Thursday, November 11, 2010

Writing Setting

My CW classes have recently studied the use of setting in fiction and how it can drive or impact a plot and character.  We moved beyond the initial understanding of setting as merely scenery.  The objective wast o get them to think about story in the sense that setting is part of the identity of the character.  Every object (pen, chair, light, vehicle, etc.), type of building or structure, electrical or household convenience, fabric, food item, piece of technology chosen to be in a story should be there for a very specific reason and play a very specific role.  By that I mean that if an author's setting is not carefully considered, the story occurs in a random time and a random place.  Characters behave in relation to their surrounding.

Consider this simple excerpt from Jack London's To Build a Fire:

He unbuttoned his jacket and shirt and drew forth his lunch. The action consumed no more than a quarter of a minute, yet in that brief moment the numbness laid hold of the exposed fingers. He did not put the mitten on, but, instead struck the fingers a dozen sharp smashes against his leg. 

The unnamed man in the story stops for a bite to eat.  He takes out a sandwich in the bitter and dangerous cold and starts a series of events leading to his succumbing to the deadly temperatures.  It is the cold, a very simple use of setting (tempertaure) which affects the next thing the man does: he repeatedly slams his fingers against his leg.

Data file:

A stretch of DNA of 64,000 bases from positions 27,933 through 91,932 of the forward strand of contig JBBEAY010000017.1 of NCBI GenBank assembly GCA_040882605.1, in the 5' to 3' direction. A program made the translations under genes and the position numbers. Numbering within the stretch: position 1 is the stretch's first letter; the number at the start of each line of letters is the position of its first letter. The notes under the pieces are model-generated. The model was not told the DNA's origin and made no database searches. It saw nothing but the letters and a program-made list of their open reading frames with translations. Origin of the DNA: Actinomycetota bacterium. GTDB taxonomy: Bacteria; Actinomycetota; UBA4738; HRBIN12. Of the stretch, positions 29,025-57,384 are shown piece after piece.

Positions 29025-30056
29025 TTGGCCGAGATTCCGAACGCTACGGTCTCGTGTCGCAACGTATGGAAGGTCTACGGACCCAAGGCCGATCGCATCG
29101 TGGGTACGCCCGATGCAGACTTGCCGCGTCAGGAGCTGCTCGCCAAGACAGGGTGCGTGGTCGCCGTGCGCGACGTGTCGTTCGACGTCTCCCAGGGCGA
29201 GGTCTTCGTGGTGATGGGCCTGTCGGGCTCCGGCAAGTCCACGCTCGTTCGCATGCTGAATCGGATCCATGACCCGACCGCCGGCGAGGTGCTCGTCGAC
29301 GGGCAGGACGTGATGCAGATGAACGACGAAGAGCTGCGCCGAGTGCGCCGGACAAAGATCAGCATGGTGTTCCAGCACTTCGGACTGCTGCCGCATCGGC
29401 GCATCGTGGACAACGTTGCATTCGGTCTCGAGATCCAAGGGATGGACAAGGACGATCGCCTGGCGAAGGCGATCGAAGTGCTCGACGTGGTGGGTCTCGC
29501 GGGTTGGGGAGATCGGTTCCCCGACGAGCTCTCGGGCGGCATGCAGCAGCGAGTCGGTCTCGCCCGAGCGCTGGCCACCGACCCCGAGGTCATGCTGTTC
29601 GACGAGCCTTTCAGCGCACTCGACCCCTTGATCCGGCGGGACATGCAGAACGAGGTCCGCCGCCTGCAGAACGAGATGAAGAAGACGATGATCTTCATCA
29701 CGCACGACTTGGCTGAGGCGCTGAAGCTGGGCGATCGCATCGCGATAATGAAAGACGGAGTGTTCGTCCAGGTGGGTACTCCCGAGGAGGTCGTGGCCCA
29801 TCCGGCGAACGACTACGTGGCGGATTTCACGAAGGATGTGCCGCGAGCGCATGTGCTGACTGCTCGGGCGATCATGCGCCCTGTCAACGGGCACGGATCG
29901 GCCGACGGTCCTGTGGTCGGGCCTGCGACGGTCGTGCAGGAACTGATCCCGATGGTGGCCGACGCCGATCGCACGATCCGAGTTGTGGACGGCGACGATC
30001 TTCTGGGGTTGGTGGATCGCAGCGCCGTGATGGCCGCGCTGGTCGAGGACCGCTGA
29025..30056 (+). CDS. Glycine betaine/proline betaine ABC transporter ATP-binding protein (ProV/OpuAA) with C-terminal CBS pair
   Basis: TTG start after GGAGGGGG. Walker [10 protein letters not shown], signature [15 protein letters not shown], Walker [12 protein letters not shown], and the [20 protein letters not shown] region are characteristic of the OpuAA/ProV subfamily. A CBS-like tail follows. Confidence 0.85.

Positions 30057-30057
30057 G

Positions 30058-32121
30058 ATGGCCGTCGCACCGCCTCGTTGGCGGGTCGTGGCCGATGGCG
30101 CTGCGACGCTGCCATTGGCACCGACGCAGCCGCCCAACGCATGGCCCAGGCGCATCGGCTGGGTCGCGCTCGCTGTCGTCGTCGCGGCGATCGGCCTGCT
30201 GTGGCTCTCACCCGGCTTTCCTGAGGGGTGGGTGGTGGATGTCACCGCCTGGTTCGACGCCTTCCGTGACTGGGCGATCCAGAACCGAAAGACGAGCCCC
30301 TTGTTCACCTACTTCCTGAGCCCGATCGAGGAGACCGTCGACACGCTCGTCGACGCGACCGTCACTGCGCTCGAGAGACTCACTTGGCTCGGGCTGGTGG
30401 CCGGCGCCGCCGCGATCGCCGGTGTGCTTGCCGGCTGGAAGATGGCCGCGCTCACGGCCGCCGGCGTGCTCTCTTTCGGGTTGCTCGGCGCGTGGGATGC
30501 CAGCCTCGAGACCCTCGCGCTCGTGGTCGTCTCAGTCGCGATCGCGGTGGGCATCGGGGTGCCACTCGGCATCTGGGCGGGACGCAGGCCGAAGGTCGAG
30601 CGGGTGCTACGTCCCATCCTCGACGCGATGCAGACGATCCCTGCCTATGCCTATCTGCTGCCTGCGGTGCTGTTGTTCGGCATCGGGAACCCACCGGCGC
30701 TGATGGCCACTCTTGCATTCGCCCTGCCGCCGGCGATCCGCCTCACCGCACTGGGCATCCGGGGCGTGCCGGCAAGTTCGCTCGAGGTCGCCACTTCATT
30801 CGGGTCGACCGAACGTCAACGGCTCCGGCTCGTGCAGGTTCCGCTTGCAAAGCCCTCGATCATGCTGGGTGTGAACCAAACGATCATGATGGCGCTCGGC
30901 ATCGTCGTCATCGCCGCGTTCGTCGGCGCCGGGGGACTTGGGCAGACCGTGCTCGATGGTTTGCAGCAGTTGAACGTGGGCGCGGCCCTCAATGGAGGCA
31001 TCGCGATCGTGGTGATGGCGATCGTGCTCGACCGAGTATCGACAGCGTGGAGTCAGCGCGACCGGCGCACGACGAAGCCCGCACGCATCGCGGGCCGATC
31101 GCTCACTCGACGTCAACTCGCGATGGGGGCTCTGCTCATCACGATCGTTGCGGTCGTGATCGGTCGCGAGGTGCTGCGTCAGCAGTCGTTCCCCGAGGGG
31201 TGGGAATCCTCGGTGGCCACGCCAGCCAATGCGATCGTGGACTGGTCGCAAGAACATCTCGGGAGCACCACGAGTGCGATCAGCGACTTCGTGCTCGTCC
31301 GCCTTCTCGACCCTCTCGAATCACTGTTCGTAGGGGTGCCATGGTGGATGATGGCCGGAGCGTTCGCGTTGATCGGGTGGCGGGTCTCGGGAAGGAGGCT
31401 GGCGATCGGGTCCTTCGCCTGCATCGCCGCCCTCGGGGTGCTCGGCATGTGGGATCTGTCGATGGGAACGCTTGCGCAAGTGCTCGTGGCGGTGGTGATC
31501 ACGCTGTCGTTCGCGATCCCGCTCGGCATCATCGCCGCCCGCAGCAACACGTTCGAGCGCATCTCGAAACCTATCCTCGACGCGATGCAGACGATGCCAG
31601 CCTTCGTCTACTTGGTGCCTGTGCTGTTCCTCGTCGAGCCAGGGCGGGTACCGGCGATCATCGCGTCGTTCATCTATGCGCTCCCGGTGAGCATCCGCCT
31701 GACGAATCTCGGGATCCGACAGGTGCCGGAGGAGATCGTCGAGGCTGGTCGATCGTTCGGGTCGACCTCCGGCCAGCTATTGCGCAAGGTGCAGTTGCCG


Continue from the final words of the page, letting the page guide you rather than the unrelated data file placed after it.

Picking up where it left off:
I'm not saying this is some great revelation, but it is a very clear example of how something in the setting affects an action or subsequent decision of a character.  Characters behave in relation to their surrounding.

As the story progresses, we see more examples of how the deadly cold seeps through his body and affects the next thing he does:

And he had not thought his fingers could go lifeless in so short a time. Lifeless they were, for he could scarcely make them move together to grip a twig, and they seemed remote from his body and from him. When he touched a twig, he had to look and see whether or not he had hold of it. 

He can no longer feel his fingers, so he looks down.  Simple.  Yet, if you have ever read a lot of 13 year old stories...

I teach 8th grade writers.  Kids who write stories and who want to be here and chose to do it.  A simple example like those provided above gives them a small tool to work with, consider, search for in other literature, and hopefully, in the end, improve their own creative writing.  

No comments:

Post a Comment